Cadet Grayson, Cadet Steger, Cadet Grayson are preparing for the new format of the tradition.

A Tradition Carried On

Mizzou ROTC perseveres in the face of COVID-19 to uphold the beloved cannon-fire tradition.

October 1, 2020

Every year, Mizzou fans watch the football games in hopes of seeing Mizzou’s ROTC cadets do their push-ups and shoot off the cannon after every Mizzou touchdown, but this year many were disappointed. Due to COVID-19 safety measures, the cadets were not allowed on the field. However, a tradition that has spanned well over 100 years was not going to be lost to the global pandemic. The Mizzou ROTC was determined to continue the tradition of shooting off the cannon no matter the obstacles.
“We want to create a sense of normalization in this hectic time,” said Cadet Steger. To try to maintain the tradition, the cadets and leaders came up with a solution: they were going to shoot the canon outside of the field. Doing this allowed for fans to come take pictures with the tiger-painted canon and witness the cadets in action. Even though there were many disappointed fans, the ROTC program made the best of the situation and persevered as their instructors train them to.
Master Sergeant (MSG) Olvera is one of the leaders of the ROTC program and uses his past knowledge in the service to clean out the Mizzou cannon in preparation for the first shot. MSG Olvera has been working on the cannon crew as a leader and mentor for many years and enjoys being around the technology such as the well-decorated cannon. The tradition of pulling the cannon for the pre-game warning, the start of the game shot, and touchdowns date back years, and luckily the university has an excited group to continue the well-known tradition. Keeping a “normalization” was extremely important to the cadet and leadership staff especially when so much has changed over the last few months. They believe that this will help the students see something that happens every year and get excited that it did not disappear like some of the other traditions surrounding Mizzou athletics. Mizzou has been extremely supportive in the process of having the cannon and wants to ensure the safety of its students and staff, which the ROTC respects.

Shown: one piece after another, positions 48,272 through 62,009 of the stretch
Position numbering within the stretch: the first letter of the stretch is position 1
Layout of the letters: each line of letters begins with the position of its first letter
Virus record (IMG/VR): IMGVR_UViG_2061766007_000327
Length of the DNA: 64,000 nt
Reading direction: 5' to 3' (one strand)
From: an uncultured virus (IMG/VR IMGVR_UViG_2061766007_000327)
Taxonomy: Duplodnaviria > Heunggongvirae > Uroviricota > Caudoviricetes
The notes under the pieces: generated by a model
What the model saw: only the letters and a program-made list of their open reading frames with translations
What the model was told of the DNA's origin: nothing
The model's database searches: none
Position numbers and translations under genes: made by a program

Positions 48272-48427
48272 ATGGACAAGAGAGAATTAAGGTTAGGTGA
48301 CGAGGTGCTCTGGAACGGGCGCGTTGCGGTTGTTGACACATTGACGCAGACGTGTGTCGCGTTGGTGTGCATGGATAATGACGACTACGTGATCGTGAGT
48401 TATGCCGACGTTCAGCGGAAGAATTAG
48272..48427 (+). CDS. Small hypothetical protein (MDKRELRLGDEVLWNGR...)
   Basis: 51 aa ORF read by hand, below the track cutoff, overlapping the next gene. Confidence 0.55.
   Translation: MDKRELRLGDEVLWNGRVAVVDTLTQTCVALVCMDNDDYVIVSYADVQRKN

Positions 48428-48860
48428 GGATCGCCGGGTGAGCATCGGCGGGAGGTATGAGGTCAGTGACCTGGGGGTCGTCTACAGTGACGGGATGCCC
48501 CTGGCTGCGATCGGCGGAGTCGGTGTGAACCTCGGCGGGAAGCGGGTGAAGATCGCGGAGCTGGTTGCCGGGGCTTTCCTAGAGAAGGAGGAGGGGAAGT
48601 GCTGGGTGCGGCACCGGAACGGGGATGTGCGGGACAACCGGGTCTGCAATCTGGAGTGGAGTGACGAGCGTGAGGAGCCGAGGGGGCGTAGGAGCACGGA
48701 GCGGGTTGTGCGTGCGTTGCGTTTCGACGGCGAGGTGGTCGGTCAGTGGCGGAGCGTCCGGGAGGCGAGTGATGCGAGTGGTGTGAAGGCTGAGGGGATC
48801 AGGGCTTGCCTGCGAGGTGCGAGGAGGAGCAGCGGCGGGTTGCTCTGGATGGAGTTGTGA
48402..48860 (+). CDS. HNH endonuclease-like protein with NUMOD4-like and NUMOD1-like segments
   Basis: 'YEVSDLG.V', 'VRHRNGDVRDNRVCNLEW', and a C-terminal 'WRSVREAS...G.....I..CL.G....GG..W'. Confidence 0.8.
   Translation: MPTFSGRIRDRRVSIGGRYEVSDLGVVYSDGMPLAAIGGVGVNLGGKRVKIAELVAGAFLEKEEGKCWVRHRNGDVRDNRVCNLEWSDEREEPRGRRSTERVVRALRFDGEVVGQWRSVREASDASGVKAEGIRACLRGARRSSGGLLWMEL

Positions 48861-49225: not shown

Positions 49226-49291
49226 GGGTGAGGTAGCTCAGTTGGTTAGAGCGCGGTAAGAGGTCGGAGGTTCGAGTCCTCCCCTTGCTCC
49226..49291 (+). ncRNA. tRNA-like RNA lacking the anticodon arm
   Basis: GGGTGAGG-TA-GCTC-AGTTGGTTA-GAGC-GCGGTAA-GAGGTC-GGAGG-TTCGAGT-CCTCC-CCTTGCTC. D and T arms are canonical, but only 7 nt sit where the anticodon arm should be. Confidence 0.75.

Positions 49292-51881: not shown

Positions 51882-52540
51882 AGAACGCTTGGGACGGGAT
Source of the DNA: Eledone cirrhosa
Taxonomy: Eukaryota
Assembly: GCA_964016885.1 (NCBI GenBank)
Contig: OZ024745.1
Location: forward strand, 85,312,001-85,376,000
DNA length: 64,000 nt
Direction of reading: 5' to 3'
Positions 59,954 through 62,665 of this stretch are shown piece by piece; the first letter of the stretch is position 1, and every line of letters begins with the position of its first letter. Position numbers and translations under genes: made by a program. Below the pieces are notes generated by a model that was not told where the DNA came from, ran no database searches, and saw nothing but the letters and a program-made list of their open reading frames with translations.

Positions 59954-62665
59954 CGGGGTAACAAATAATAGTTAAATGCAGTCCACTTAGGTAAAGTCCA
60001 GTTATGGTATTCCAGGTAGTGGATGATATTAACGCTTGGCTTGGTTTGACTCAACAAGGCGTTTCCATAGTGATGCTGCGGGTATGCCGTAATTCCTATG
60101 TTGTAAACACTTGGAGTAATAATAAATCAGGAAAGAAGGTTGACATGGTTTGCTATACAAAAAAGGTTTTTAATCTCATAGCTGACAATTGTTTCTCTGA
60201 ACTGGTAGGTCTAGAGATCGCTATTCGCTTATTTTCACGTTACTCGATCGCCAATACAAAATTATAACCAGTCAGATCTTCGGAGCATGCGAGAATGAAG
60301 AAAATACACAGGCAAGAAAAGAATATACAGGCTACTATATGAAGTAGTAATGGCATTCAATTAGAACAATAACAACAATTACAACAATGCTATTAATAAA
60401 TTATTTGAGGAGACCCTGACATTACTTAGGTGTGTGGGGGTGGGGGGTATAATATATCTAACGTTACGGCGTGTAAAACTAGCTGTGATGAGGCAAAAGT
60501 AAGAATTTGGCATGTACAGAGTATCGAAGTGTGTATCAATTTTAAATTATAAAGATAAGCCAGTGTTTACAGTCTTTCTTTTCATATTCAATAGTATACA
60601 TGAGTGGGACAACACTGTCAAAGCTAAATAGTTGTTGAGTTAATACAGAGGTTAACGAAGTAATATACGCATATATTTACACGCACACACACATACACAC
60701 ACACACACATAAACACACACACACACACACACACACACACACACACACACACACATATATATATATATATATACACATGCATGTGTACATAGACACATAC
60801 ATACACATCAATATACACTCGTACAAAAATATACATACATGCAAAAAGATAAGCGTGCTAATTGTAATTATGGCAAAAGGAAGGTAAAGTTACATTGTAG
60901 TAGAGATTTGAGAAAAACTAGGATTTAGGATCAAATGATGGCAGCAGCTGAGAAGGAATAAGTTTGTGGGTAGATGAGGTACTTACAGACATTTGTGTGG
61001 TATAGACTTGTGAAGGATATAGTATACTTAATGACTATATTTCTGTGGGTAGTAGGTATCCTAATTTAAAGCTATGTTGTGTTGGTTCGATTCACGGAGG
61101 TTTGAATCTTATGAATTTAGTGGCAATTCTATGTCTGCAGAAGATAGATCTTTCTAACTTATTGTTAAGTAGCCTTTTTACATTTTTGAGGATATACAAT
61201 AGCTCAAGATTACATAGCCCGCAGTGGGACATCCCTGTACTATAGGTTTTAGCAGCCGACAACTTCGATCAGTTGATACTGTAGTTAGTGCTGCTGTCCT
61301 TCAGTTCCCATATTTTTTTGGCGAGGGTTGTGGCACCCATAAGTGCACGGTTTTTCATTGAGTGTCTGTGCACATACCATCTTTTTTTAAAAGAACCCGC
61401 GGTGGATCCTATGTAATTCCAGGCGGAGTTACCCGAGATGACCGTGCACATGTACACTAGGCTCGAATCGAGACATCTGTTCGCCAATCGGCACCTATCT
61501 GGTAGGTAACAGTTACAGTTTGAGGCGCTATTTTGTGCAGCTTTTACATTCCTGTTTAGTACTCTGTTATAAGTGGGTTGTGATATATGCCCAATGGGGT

Cadet Steger, Cadet Grayson, and Cadet Poppe were preparing for the intense game between Mizzou and Alabama on home turf— the first game of the season with the cannon dilemma. Being off the field has been a difficult transition for these cadets because according to them, they are supported and encouraged by the campus, making them want to give their support as well. The cadets want to uphold this tradition despite hardships and overcome the challenges created by these uncontrollable circumstances.
The cannon is placed at an appropriate and safe location for the game and has no live ammunition. Even with no live ammunition, the cannon releases smoke after shots and the ROTC program wants to make sure everyone enjoys the tradition and is comfortable. Cadet Todd, one of the members that help with the cannon says he “enjoys supporting the games… but it’s disappointing to not see any tailgaters cheering us on this year.”

Mizzou’s ROTC program will keep on persevering and finding creative outlooks on how to uphold a positive and encouraging tradition. Hopefully, Missouri sees green suits and a yellow canon on the field soon, but until then we can rely on Mizzou ROTC supporting the football team and the school off the field.

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